The last year was a significant one for me, mostly because it was the year I got to quit my day job and start freelancing as a designer and branding consultant. People have asked me if I was afraid to make the jump. Yes, freelancing means giving up a dependable paycheck, employee benefits and the general sense of security that being part of a company lends. It means having to find my own clients. It means pitching and writing proposals with no guarantee of a payoff. And especially in this first year, it has meant discerning my strategy, proving my abilities, and generating what I hope is long-term traction.
I learned a lot (understatement). After spending some time reflecting on and gauging how it went, I’ve put together an abridged summary of everything I learned from my first year freelancing… Here goes:
Know where you add value, and say no when it’s not a good fit.
I’m by nature a people pleaser. I hate saying no and feeling like I’ve let someone down. I fear missing out on an opportunity to expand my network or portfolio – even if I know the project isn’t a good fit. Worse than that, I tend to overestimate my abilities and underestimate the limits on my time.
This translated into me taking on project after project without a filter.
The problem with this is that by trying to please everyone and do everything, it kept me from developing expertise in the area I add the most value. Or in business terms, it prevented me from developing a strategic competitive advantage. For example, in the last 12 months I’ve worked on websites, logos, flyers, videos, t-shirts, hand lettering prints, product packaging, business cards, book covers, e-books, social media promotions, market research, branding analyses, and more.
While I may not have ‘missed out’ on any of these opportunities, I restrained myself from building excellence in one of these fields. And by accepting projects that aren’t a good fit, it kept me from experiencing the meaningful, fulfilling work that I sought in the first place by becoming self-employed.
On the flip side, I also realized by accepting these projects I wasn’t even necessarily helping the client. If you and the prospective client are not a good fit, you are doing them no favours by agreeing to their project (even if they insist). Instead, wouldn’t they be better served by another designer who’s actually excited about and an expert in the field the client needs?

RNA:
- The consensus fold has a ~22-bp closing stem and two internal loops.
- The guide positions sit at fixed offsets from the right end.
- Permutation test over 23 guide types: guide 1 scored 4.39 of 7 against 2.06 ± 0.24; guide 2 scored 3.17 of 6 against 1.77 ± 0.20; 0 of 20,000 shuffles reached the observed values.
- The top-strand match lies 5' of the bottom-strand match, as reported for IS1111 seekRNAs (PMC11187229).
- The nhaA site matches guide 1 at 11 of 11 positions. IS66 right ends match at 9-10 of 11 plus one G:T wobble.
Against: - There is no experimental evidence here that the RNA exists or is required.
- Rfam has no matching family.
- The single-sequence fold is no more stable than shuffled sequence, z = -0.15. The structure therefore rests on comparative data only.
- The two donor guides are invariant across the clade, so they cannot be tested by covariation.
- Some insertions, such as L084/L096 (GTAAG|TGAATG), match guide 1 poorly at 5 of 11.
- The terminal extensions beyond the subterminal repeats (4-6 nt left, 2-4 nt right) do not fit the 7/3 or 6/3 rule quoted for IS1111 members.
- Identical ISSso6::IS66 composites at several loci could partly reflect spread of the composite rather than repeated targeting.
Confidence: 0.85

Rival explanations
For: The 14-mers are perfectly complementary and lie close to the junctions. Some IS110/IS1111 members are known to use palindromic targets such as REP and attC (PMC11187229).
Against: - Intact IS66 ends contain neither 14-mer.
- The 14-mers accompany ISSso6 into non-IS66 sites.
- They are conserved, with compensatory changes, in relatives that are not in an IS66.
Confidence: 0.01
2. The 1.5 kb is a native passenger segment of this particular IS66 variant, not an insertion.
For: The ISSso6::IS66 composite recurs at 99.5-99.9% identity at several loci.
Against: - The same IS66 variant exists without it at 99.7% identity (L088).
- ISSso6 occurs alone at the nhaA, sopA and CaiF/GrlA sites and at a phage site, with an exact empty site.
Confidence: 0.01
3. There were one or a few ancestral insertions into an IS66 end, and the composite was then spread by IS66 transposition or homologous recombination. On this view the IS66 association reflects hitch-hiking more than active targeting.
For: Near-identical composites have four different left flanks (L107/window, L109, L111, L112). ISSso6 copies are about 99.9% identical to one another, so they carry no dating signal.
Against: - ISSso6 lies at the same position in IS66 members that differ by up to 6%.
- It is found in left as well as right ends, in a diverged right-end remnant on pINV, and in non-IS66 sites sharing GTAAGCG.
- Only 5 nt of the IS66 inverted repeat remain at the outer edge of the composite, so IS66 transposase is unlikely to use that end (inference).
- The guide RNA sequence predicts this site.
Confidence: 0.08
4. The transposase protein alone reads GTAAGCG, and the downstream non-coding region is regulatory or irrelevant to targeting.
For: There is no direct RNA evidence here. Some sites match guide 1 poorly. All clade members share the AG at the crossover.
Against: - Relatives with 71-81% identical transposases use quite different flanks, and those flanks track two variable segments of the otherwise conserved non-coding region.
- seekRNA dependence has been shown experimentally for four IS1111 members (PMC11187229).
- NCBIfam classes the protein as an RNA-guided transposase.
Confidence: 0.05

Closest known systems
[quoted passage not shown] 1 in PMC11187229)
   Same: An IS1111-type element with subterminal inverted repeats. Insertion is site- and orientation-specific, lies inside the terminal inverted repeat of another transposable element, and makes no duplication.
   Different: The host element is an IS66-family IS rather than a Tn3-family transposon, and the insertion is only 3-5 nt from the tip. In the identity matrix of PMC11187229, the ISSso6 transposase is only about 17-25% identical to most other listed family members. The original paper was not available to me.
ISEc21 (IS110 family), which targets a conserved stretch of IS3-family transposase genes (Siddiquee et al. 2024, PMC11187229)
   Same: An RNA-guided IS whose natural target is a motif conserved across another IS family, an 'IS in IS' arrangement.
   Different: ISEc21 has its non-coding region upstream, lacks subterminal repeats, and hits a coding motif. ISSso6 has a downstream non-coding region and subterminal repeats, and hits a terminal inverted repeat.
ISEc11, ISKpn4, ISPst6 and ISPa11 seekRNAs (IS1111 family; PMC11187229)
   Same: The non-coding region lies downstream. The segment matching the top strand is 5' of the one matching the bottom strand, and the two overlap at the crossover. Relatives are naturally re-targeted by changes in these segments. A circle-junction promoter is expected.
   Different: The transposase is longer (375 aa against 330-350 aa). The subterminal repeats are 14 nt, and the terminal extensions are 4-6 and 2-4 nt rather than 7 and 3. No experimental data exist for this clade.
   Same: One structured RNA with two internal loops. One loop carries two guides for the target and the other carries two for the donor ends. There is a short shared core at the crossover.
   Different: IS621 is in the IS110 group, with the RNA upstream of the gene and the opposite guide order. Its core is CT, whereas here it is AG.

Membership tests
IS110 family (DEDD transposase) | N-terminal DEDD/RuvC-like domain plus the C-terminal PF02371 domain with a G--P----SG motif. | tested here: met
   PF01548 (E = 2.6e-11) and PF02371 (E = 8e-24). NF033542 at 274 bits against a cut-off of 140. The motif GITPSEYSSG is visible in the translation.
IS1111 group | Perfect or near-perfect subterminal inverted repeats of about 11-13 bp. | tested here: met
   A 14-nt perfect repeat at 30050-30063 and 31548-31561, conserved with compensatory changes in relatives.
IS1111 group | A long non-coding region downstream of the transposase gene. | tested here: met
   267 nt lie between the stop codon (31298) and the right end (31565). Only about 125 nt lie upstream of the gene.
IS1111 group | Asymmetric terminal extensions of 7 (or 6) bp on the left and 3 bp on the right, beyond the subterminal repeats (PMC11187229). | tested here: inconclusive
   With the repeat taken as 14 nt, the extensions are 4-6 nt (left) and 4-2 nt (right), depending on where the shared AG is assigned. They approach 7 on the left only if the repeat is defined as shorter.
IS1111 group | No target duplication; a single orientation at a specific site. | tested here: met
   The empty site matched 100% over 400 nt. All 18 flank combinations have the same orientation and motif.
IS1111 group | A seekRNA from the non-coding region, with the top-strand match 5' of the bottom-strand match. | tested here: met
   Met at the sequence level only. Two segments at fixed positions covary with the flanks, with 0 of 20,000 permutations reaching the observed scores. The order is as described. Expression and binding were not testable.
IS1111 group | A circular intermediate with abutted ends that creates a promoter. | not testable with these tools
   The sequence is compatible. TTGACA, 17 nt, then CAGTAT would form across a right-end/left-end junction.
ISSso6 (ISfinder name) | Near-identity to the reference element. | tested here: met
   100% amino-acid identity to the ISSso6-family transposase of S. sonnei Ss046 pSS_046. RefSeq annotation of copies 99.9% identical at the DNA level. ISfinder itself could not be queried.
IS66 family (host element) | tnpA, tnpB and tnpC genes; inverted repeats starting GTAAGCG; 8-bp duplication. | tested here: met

Evaluate your progress, often.
Early into the year I went through a very discouraging phase, where although I was busy with lots of projects, it seemed no one was willing to pay me what would make it worth my time.
After explaining my frustrations to a business mentor, she helped me take a step back from the situation and evaluate my own pitch and brand positioning. It became evident that I was so transfixed on (and stressed out about) the work in front of me, that I neglected to craft a compelling value proposition for myself. My website was visually attractive, but the content and copy targeted the wrong audience.
Over the next week I launched a new website with copy that underscored what makes my service valuable, and saw a nearly immediate effect on client conversions.
I learned that if I don’t take deliberate, repeated time to evaluate my progress, I’ll begin ‘spinning out’. I easily become reactive to my long to-do list, instead of making deliberate, sustained headway in reaching my goals.
Surround yourself with smarter, better people.
One of the best things to happen to my career was joining what I now know is called a “Mastermind group” of like-minded, creative business people. What started as an informal networking lunch turned into a community of creatives that I meet monthly with to discuss business ideas, issues, and collaborations.
These friends are wiser and more seasoned than me. They’ve helped me improve my pitch and business model. They’ve referred me to significant clients. They represent a sounding board and community for me as an otherwise solitary business person.
100% of my clients have come from personal referrals. Especially as a freelancer just breaking into my market, I can’t expect to develop as a creative or reach great clients without help.
Love your clients and their work.
I’ve been privileged to work with people who are truly excellent in their field, passionate about their work, and who leave a positive mark on our world. It’s been thrilling to advance their causes and vicariously experience success through their success.
All I’ll say about this point is that it matters if and when I work with love.
When I’m genuinely sold on the product or service my client offers, it shows in my work. When I genuinely care about my client, I naturally seek their good and serve them better.
This has sustained me through a year where, honestly, I didn’t charge as much as I wanted. But my reward has been manifold, from the referrals they give me, encouraging feedback, invaluable portfolio pieces, to the joy I get from seeing them succeed and seeing my work make a powerful impact.
Thank you to all my 2015 clients who trusted me with your creative vision!